GDP in developing countries is projected to expand 5.3 percent in 2012. Still weak, but strengthening high-income demand, weak capital flows, rising capital costs and capacity constraints in several large middle-income countries will conspire to keep growth from exceeding 6 percent in each of 2013 and 2014.  The projected recovery in the Middle-East & North Africa is uncertain and is contingent on assumptions of a gradual easing of social unrest  during 2012 and a return to more normal conditions during 2013 and 2014.

In the baseline, the slower growth in developing countries mainly reflects a developing world that has already recovered from the financial crisis. Several countries are rubbing against capacity constraints that preclude a significant acceleration in growth, and may even require a slowing in activity in order to prevent overheating over the medium run.

Should global conditions deteriorate, all developing countries would be hit — making the replenishment of depleted macroeconomic cushions a priority

The resurgence of tensions in the high-income world is a reminder that the after effects of the 2008/09 crisis have not yet played themselves out fully. Although the resolution of tensions implicit in the baseline is still the most likely outcome, a sharp deterioration of conditions  cannot be ruled out. While the precise nature of such a scenario is unknowable in advance, developing countries could be expected to take a large hit.  Simulations suggest that their GDP could decline relative to baseline by more than four percent in some regions, with commodity prices, remittances, tourism, trade, finance and international business confidence all mechanisms by which the tribulations of the high-income world would be transmitted to developing countries. Countries in Europe and Central Asia would be among the most vulnerable to an acute crisis in high-income Europe, with likely acceleration in deleveraging by Greek banks affecting Bulgaria, Macedonia and Serbia the most.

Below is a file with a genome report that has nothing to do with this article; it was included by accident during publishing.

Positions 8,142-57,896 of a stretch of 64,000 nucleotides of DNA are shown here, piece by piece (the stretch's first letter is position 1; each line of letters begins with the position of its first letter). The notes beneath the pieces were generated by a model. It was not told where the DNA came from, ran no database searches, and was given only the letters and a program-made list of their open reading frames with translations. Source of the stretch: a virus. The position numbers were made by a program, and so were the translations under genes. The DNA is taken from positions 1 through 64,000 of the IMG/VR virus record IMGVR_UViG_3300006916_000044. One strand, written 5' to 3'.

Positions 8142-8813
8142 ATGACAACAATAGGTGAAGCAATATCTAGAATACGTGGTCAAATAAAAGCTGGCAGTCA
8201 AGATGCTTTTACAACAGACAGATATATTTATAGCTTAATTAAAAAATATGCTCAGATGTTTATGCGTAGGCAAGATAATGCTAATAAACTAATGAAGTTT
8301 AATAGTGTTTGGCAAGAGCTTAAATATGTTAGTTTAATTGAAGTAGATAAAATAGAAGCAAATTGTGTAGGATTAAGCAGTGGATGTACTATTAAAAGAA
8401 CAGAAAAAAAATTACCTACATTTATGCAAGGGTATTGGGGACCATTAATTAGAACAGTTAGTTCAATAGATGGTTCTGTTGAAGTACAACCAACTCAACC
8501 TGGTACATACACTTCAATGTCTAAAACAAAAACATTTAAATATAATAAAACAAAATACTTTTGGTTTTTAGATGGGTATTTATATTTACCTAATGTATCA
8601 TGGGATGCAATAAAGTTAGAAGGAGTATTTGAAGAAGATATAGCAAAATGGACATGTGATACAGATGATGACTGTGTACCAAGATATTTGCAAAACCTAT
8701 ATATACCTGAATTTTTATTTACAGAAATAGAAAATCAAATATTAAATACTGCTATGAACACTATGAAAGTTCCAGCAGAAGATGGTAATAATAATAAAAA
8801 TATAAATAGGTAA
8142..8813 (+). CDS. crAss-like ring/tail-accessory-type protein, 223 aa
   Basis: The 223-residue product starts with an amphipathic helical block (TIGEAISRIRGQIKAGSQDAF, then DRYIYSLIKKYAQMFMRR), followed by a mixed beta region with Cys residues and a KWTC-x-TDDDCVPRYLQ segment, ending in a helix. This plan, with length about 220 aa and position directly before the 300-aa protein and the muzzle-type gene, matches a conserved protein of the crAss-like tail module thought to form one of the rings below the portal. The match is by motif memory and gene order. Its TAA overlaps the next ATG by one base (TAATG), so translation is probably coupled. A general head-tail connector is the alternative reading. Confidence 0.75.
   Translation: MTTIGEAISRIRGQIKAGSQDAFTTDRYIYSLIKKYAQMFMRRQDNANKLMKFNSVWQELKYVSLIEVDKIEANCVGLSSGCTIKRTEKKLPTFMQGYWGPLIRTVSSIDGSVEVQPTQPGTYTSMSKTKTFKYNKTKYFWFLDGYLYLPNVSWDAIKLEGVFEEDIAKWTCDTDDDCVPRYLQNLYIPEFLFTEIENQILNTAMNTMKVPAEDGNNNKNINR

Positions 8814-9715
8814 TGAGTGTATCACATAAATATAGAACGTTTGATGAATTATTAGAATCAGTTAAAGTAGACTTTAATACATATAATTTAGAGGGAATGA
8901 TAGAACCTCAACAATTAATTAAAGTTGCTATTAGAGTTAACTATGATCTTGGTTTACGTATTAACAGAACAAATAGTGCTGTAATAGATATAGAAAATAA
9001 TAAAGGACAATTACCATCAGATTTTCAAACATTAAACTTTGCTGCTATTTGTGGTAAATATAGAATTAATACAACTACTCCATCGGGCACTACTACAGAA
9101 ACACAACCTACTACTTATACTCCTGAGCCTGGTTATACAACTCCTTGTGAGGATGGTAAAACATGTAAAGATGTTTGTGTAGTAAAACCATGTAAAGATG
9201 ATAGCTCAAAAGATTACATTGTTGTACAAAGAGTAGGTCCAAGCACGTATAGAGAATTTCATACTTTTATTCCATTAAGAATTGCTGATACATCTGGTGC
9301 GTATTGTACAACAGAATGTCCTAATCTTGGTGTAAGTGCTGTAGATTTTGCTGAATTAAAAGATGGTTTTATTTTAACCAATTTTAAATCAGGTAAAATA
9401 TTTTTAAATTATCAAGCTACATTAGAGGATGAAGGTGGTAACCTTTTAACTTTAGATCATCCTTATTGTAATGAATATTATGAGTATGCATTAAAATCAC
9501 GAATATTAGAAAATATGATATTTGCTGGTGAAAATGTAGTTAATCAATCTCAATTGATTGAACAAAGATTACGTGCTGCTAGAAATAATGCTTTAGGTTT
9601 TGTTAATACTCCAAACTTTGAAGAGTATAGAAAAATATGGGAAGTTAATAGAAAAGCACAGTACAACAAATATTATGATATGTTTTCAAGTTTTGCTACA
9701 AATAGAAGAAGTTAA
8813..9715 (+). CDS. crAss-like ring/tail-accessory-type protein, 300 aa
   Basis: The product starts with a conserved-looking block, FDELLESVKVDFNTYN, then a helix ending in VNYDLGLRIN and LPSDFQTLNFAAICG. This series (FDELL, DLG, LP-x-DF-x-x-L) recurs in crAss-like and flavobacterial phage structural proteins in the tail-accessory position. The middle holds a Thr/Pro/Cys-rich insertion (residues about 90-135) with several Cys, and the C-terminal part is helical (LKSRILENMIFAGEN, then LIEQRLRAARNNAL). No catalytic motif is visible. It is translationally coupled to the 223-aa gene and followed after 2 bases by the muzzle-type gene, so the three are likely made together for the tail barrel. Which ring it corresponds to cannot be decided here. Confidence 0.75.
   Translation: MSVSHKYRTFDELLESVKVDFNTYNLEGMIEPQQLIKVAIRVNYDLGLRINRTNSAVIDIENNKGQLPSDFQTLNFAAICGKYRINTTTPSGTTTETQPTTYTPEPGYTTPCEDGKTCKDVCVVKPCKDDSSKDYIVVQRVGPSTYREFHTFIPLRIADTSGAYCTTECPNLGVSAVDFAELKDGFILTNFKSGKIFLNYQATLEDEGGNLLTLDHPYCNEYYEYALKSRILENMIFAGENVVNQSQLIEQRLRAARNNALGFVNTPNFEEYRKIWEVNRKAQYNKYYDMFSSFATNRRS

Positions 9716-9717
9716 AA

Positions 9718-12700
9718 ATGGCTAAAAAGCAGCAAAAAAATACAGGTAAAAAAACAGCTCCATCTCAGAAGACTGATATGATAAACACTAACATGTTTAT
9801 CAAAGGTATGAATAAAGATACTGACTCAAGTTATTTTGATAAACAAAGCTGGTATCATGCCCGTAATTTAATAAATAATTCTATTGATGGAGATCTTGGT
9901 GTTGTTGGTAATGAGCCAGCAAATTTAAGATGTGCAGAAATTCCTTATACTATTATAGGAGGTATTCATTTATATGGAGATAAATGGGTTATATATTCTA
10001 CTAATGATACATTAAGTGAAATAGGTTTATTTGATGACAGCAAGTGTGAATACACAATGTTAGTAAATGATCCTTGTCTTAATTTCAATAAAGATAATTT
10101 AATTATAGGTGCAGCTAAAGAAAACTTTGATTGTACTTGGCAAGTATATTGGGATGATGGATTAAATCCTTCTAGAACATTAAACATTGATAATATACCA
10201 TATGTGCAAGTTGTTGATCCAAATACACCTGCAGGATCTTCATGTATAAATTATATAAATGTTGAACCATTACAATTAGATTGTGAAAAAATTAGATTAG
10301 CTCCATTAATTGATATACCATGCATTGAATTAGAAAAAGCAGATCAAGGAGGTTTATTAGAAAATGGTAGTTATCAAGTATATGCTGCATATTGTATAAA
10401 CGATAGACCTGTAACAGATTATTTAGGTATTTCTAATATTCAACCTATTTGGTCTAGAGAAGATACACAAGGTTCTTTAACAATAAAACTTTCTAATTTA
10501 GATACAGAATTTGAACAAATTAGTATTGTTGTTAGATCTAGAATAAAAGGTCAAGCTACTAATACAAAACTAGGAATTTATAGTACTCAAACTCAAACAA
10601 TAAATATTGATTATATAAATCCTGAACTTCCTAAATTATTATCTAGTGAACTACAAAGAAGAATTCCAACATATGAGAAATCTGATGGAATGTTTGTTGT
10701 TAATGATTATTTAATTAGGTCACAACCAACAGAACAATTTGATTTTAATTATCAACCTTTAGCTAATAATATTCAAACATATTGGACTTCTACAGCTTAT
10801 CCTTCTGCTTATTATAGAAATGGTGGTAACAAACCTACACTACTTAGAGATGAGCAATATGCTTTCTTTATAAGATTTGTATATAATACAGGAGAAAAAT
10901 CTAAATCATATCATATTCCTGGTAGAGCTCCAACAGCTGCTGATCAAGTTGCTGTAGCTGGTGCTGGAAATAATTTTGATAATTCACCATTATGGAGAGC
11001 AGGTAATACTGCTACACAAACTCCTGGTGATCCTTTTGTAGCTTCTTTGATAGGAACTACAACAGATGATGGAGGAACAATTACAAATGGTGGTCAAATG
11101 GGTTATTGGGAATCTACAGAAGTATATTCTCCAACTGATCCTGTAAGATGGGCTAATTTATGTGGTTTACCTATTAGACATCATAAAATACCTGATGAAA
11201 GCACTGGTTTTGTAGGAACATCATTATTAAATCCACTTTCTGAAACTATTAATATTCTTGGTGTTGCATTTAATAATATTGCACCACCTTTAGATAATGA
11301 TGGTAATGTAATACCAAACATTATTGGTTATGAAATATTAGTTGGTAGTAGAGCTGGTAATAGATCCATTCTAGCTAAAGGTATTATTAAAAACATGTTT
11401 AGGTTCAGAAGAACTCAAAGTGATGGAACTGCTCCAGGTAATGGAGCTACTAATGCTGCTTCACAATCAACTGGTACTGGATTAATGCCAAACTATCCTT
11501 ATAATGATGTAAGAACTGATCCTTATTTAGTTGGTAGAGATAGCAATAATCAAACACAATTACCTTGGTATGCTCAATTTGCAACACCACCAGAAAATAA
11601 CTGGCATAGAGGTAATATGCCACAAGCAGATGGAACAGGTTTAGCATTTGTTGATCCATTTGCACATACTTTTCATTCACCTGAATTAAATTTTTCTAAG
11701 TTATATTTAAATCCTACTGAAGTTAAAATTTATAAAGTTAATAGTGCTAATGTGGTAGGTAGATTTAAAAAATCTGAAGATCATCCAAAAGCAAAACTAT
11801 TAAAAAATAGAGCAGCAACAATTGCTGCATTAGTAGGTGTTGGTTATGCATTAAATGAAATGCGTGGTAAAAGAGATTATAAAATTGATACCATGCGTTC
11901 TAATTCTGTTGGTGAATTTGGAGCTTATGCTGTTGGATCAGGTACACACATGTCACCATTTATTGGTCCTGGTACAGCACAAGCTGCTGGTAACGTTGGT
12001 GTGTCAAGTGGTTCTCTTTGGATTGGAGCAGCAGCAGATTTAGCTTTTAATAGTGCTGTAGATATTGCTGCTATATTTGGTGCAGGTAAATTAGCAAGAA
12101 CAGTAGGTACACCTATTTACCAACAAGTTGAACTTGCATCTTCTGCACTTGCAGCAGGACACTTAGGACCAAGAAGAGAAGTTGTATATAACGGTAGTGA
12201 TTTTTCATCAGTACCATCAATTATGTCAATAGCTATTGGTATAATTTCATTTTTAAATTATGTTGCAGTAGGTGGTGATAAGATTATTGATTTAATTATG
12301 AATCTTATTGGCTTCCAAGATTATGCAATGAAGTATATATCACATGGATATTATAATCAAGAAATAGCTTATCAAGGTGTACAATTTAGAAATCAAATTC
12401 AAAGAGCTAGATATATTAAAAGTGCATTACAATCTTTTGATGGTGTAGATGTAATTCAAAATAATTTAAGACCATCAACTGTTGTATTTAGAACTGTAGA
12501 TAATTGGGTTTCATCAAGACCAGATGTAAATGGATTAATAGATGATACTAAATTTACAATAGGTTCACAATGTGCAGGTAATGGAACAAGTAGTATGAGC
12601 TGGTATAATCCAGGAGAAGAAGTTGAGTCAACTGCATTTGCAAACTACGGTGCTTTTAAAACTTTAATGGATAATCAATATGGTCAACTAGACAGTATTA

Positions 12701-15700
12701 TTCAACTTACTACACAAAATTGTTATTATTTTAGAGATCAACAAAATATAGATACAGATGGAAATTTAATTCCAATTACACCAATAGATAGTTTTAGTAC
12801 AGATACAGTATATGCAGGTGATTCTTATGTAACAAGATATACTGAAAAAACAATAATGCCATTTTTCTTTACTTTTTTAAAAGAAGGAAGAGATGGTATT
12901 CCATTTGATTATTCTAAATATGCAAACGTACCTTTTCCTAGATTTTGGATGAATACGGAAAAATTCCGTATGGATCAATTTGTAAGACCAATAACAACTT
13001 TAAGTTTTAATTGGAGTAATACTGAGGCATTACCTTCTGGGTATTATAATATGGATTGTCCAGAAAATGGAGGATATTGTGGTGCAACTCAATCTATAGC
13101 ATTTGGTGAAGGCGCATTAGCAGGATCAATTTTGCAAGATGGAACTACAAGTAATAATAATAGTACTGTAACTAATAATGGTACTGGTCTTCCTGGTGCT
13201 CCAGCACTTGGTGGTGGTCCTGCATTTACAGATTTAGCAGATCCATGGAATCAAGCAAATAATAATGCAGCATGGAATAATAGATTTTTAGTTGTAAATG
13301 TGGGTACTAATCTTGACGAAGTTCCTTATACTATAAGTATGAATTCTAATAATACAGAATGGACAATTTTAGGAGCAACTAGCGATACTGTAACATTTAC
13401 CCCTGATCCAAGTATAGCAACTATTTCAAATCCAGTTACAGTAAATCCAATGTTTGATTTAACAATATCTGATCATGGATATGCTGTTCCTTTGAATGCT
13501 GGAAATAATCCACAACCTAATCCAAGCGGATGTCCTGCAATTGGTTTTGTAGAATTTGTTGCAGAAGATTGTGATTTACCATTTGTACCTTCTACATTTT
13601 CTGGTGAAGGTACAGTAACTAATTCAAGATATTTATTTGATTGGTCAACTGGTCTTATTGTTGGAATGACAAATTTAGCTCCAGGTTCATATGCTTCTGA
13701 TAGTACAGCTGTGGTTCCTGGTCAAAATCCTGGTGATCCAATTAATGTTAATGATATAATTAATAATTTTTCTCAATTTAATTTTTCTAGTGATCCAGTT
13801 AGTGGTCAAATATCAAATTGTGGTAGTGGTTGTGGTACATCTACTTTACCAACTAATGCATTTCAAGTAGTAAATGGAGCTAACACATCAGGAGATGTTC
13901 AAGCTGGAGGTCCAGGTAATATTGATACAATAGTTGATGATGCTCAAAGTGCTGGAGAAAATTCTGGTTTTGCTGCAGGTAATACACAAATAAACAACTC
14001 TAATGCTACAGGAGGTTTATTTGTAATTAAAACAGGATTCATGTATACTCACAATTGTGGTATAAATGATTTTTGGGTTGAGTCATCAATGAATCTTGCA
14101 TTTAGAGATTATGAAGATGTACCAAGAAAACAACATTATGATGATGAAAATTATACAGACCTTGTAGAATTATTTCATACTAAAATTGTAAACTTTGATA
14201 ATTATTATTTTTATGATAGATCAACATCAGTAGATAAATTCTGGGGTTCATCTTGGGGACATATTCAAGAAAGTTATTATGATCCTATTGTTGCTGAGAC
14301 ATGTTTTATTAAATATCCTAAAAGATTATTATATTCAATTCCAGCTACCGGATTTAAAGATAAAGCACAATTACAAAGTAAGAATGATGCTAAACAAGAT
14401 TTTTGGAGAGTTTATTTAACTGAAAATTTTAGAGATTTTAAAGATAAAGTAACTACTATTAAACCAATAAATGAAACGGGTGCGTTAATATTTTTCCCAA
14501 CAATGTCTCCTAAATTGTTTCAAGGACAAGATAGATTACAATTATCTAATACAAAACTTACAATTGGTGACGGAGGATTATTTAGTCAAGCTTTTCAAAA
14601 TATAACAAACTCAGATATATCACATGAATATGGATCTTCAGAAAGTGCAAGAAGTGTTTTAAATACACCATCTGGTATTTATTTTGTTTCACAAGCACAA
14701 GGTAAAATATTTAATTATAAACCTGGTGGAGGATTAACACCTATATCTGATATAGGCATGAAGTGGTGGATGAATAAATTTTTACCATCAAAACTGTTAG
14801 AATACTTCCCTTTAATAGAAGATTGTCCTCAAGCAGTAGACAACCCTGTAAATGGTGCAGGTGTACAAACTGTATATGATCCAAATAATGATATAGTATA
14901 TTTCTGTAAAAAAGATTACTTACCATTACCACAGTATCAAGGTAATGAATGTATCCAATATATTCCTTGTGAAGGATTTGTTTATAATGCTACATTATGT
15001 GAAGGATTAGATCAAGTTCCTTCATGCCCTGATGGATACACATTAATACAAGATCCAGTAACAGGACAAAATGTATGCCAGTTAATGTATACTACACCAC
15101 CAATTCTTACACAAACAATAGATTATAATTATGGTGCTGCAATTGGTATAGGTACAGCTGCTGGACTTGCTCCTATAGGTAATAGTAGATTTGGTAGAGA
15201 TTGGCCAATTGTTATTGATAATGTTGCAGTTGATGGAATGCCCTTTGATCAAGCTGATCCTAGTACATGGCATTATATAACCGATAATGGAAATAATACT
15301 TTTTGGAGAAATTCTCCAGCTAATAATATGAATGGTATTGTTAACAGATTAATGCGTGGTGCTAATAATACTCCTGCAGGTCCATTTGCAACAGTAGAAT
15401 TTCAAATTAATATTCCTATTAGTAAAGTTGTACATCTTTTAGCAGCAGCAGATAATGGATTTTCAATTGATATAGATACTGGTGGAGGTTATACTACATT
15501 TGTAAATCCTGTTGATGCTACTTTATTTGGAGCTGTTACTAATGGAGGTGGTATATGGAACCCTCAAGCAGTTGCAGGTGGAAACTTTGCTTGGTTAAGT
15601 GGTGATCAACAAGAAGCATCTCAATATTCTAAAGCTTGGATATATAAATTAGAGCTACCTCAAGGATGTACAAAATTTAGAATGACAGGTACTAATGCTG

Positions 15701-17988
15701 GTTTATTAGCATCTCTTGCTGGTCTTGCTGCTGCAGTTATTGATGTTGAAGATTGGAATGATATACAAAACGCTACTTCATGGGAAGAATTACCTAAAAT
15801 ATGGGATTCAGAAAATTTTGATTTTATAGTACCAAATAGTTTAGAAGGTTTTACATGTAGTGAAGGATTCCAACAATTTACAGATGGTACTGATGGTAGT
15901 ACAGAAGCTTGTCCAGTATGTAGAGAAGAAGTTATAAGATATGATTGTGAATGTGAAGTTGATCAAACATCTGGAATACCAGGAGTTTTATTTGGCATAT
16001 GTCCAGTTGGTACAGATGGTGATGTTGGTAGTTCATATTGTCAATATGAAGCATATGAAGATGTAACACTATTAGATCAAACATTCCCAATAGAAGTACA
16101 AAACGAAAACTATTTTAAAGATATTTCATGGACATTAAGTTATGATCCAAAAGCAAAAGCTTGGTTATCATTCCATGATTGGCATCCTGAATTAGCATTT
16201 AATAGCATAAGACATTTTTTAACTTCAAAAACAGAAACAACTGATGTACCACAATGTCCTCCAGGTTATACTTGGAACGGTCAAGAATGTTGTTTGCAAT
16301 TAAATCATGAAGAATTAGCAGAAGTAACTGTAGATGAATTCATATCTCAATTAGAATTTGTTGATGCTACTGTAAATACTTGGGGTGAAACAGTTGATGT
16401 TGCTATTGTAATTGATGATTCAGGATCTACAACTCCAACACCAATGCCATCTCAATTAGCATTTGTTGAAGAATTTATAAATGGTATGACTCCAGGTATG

A return to more neutral macroeconomic policies would help developing countries reduce their vulnerabilities to external shocks, by rebuilding fiscal space, reducing short-term debt exposures and recreating the kinds of buffers that allowed them to react so resiliently to the 2008/09 crisis.  Currently, developing country fiscal deficits are on average 2.5 percent of GDP higher than in 2007, and current account deficits 2.8 percent of GDP higher. And short-term debt exceeds 50 percent of currency reserves in 11 developing countries.

A more neutral and less reactive policy stance will help even if a crisis is averted

Even in the absence of a full-blown crisis, elevated fiscal deficits and debts in high-income countries (including the United States and Japan), and the very loose monetary policies being pursued in the high-income world, suggests that for the next several years the external environment for developing economies is likely to remain characterized by volatile capital flows and volatile business sentiment.

As a result, sharp swings in investor sentiment and financial conditions will continue to complicate the conduct of macro policy in developing countries. In these conditions, policy in developing countries needs to be less re-active to short-term changes in external conditions, and more responsive to medium-term domestic considerations. A reactive macroeconomic policy runs the risk of being pro-cyclical, with the impact of a loosening (tightening) in response to a temporary worsening (improvement) of external conditions stimulating (restraining) domestic demand at the same time as external conditions recover (weaken).
For the many developing economies that have, or are close to having fully recovered from the crisis, policy needs to turn away from crisis-fighting and re-prioritize the kinds of productivity-enhancing reforms (like investment in human capital and regulatory reform) that will support a durable pickup in growth rates over the longer term.